AMS 2016 (Vancouver): Lost Repertories of the Cold War Era
- Alison Furlong (Ohio State University), Chair
- Hyun Kyong Hannah Chang (Ewha Womans University)
- Brian Locke (Western Illinois University)
- Lisa Cooper Vest (University of Southern California)
- Joy H. Calico (Vanderbilt University)
- Danielle Fosler-Lussier (Ohio State University)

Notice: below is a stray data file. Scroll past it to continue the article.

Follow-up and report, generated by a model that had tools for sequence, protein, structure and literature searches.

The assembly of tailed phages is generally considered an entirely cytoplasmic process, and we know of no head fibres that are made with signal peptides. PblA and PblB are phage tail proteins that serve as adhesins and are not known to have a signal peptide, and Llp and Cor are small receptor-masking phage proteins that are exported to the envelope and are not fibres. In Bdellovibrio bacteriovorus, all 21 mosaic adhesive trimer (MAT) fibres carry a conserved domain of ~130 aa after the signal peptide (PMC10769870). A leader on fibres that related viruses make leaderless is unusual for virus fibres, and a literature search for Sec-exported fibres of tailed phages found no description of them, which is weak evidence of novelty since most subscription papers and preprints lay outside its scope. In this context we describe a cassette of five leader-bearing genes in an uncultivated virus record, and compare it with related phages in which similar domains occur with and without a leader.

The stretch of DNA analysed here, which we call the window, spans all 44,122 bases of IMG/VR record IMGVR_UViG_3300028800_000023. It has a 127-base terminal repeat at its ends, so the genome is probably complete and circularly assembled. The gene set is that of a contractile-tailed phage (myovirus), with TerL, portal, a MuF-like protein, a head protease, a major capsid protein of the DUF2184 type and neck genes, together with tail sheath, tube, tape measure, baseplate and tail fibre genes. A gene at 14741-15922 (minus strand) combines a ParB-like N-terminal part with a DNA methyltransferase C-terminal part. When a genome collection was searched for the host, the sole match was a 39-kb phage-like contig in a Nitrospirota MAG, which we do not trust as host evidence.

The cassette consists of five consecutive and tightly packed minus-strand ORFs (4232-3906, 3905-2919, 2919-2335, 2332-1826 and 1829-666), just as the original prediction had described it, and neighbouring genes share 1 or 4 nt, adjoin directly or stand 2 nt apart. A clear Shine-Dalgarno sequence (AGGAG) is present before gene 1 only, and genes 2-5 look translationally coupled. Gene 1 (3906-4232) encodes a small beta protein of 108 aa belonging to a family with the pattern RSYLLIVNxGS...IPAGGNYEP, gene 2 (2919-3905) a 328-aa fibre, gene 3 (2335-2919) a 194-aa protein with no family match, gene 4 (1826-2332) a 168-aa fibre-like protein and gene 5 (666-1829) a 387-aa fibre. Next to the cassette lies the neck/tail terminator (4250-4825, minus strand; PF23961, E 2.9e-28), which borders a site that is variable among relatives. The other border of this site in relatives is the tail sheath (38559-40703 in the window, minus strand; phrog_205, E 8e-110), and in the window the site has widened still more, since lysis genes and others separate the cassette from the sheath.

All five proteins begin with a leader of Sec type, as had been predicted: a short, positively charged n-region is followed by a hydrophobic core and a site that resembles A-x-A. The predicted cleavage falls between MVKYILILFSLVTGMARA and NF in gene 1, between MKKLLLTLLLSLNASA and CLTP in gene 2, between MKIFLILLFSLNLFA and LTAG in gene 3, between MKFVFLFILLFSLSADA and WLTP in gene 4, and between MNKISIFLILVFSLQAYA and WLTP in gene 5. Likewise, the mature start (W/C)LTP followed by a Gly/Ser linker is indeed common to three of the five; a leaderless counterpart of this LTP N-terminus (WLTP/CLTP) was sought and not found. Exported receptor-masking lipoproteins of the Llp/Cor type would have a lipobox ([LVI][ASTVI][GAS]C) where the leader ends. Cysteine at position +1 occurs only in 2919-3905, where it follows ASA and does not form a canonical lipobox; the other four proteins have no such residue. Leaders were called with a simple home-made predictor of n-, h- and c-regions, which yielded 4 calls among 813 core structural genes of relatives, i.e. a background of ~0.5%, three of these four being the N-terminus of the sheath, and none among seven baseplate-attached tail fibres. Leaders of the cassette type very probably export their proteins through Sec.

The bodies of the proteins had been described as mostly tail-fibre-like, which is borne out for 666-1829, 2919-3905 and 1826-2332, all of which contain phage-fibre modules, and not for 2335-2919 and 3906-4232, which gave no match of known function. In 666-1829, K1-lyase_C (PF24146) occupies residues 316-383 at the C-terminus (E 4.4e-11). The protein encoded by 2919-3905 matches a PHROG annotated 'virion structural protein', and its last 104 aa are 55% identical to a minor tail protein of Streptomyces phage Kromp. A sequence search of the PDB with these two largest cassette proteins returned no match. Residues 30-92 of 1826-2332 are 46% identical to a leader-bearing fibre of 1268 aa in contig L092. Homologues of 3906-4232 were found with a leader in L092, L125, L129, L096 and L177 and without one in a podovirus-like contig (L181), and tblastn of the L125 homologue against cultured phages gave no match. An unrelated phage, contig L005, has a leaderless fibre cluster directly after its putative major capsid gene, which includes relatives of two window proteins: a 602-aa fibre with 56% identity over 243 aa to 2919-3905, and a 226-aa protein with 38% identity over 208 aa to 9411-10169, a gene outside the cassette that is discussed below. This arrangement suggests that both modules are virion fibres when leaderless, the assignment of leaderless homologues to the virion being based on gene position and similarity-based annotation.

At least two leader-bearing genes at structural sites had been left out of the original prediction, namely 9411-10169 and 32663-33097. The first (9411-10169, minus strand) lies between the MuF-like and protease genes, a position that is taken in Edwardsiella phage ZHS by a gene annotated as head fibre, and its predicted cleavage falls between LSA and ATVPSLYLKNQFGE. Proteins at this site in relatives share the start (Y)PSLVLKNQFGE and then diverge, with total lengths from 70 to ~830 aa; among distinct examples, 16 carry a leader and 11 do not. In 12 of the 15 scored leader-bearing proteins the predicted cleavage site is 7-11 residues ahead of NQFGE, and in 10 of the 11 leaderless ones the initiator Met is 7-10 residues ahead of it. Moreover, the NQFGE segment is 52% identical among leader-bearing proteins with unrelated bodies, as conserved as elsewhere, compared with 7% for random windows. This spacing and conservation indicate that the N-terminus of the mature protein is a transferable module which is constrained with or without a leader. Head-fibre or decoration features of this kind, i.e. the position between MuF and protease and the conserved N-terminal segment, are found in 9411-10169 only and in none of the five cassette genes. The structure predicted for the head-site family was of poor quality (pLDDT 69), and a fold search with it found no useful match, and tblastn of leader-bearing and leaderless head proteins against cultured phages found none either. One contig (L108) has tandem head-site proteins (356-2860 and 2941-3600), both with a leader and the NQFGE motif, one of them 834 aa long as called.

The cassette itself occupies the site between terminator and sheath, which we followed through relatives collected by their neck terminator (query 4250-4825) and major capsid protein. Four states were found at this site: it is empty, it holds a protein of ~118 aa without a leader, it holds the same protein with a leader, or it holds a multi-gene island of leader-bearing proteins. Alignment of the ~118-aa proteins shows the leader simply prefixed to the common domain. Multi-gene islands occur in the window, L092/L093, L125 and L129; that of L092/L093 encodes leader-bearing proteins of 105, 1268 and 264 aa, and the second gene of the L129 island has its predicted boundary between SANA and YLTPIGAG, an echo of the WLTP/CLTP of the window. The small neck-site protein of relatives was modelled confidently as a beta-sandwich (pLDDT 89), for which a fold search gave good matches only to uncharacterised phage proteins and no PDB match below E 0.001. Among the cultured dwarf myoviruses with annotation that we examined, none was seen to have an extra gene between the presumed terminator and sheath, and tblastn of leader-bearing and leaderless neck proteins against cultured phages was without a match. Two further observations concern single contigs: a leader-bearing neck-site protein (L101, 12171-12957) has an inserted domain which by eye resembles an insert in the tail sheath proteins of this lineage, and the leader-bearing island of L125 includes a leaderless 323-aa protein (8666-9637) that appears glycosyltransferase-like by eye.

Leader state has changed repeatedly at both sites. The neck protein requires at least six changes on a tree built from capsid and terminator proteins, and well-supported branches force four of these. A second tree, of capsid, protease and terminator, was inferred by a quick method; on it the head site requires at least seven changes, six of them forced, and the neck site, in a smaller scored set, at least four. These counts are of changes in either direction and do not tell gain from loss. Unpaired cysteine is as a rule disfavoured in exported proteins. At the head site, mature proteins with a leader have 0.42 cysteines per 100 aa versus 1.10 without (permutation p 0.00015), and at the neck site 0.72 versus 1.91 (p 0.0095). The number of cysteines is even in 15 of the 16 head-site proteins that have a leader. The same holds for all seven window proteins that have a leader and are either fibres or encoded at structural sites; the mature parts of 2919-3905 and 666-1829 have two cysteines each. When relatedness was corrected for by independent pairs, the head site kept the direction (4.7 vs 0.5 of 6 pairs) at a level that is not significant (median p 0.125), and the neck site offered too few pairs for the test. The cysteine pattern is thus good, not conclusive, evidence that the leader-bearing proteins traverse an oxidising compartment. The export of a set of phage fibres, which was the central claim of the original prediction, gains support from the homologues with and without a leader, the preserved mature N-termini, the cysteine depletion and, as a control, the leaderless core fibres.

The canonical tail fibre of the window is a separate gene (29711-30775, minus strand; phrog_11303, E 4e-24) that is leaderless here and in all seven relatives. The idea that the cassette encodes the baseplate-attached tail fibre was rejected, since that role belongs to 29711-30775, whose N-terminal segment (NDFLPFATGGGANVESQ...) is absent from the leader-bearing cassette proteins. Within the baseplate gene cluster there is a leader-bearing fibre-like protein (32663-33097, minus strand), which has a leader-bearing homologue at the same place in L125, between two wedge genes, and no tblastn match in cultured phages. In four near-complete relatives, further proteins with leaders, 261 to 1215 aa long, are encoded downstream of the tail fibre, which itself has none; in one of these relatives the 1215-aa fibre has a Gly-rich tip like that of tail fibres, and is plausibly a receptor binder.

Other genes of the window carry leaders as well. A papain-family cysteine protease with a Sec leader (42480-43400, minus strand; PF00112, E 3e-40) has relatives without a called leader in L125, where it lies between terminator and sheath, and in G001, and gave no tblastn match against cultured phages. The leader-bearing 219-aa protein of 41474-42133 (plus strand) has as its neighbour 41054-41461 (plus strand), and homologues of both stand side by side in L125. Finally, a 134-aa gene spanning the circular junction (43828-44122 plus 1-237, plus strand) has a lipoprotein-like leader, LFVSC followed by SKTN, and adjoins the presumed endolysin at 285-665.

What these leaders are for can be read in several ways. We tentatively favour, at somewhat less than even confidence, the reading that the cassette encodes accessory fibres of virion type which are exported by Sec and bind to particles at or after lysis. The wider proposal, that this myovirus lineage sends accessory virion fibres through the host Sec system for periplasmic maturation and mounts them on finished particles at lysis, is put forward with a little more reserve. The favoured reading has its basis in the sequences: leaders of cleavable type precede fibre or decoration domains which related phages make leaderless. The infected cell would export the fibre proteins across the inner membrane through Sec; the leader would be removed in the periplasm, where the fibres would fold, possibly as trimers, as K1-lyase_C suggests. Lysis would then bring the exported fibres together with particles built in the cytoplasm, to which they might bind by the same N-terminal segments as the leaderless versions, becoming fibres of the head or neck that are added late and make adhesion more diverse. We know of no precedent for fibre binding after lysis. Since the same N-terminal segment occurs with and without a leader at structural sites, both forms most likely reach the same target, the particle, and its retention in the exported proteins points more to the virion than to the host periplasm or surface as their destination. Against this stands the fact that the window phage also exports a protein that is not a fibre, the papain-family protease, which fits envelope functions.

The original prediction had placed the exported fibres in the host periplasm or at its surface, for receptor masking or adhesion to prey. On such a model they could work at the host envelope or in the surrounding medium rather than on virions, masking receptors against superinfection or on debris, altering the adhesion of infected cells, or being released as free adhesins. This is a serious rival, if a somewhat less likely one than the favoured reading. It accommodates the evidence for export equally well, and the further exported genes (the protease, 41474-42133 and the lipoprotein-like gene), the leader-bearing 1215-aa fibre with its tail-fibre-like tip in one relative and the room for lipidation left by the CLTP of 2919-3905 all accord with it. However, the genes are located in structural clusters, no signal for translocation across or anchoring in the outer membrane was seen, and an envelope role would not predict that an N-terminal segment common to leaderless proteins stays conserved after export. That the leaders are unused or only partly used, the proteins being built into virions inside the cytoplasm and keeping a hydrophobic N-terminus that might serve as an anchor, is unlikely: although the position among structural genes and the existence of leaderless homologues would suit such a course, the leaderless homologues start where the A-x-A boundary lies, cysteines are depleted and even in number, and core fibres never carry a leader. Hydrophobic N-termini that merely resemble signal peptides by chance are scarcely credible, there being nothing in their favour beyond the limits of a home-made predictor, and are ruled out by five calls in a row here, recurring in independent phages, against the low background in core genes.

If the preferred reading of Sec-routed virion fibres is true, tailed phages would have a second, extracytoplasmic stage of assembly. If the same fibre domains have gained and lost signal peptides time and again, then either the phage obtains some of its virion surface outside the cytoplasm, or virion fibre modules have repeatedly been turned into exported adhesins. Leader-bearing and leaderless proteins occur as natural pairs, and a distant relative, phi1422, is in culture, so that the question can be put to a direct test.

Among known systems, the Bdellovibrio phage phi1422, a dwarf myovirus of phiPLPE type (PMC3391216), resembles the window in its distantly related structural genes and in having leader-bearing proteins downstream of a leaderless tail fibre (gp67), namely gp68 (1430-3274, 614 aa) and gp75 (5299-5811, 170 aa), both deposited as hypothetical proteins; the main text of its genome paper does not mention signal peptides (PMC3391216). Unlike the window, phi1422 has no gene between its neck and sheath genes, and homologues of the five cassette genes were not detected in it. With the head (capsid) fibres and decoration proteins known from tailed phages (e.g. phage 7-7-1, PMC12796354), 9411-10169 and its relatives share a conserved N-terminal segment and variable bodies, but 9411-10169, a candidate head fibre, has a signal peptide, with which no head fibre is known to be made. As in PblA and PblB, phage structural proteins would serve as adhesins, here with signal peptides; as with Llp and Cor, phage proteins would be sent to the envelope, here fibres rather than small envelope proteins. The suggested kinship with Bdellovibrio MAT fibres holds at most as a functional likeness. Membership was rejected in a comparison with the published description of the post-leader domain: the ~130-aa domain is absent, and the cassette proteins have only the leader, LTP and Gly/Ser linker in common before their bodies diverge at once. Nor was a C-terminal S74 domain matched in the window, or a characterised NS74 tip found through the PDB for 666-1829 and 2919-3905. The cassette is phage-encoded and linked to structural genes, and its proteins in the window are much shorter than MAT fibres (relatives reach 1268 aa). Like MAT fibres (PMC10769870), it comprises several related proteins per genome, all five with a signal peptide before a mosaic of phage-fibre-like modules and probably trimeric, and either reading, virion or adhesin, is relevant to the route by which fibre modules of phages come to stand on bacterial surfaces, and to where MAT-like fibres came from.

Sometimes we mistake the music we teach, or the narrative we tell about music’s development, for the music that really existed. In this alternative-format session we will become acquainted with twentieth-century music that falls well outside today’s performance, listening, and teaching canons. As we learn about this music, we will consider whether this music might allow us to rethink our canons and the stories we tell about twentieth-century music. During the first two hours of the session, each of our four presenters will briefly introduce a repertory of “lost music” from the Cold War era (10 min.) and play selections from that repertory (10–15 min.) There will be a brief period for questions after each presentation (5–10 min.). The emphasis will be on familiarizing us with music we have not heard before. Our presenters will introduce us to lost musics from a wide variety of Cold War contexts. Brian Locke will discuss the disappearance of Czech swing music, which was popular during the Nazi occupation. This music’s practitioners went into Western exile during the late 1940s and ’50s, their music ideologically incompatible with the Communist regime. Locke will play examples by Jirí Traxler (1912–2011) and Kamil Behounek (1916–83), two of the leading wartime songwriters of swing: both turned away from the genre when faced with postwar exile. Locke will explore the transformations of the “hot accordionist” Behounek—who led a polka band in West Germany—and the pianist Traxler, who composed as an amateur in Canada. Despite four decades of silence, tunes such as Behounek’s “My Calendar” and Traxler’s “Crazy Day” have regained a foothold in Czech popular consciousness since the fall of Communism. Lisa Cooper Vest will introduce us to Polish composers who were marginalized because, for various reasons, they found themselves working outside the esteemed and institutionally powerful Polish avant-garde. Boguslaw Schäffer, Witold Rudziński, and Zygmunt Mycielski were all influential in Polish musical life, and they all composed prolifically in the post-Stalin period, but their stylistic and aesthetic affiliations precluded their easy assimilation into the aesthetic narratives that were being constructed in the early years of Polish avant-gardism. By playing excerpts of Schäffer’s monosonata (1959) and Non-stop (1960), Rudziński’s Dismissal of the Grecian Envoys (1962), and Mycielski’s Symphony no. 2 (1960–61), Vest proposes to recoup the complicated sound-world of postwar Polish musical production. A presentation by Hyun Kyong Hannah Chang will feature a live performance and discussion of music by Sun Nam Kim (1917–86). Kim was a leading composer of Western art music in Korea in the 1940s, when the South-North border was beginning to be enforced. He was an admired figure among Seoul’s avant-garde composers, but his political and stylistic affiliations foreclosed further activities in South and North Korea. He was unwelcome in South Korea due to his communist leanings, but after his Northern exile he was rejected in North Korea as too “cosmopolitan.” The presentation will focus on two songs for tenor and piano (“Mountain Flower” and “Iron Foundry”) and excerpts of a piano concerto that survives only in an arrangement for two pianos. An examination of Sun Nam Kim’s trajectory demonstrates why musical modernism and avant-gardism have been so precarious in South Korea’s national memory in the post-Korean War period. Joy H. Calico addresses mid-century opera in the United States, where Cold War narratives have celebrated the U.S. avant-garde as a counterpoint to socialist realist tenets; this narrative, however, has resulted in the devaluation—and even total loss— of critically acclaimed, popular diatonic opera from the same period. In the 1950s such works were frequently honored with the Pulitzer Prize, a fact that undermines conventional wisdom about the Prize as the reward for Cold War American serialism. Calico will offer examples from the Pulitzer-Prize winning operas Giants in the Earth by Douglas Moore (1951) and The Saint of Bleecker Street by Carlo Menotti (1955). The third hour will be spent in a broader conversation, facilitated by discussant Danielle Fosler-Lussier, about the canon of twentieth-century music and the place of these “lost” repertories within it. What factors can we discern in the “disappearance” of this music? Is this music worth studying, performing, or otherwise reviving? How does this music change the story we tell about twentieth-century music? By hearing and discussing these forgotten repertories, we hope to stimulate a conversation that will help us write more astute, more complete histories of mid-twentieth-century music.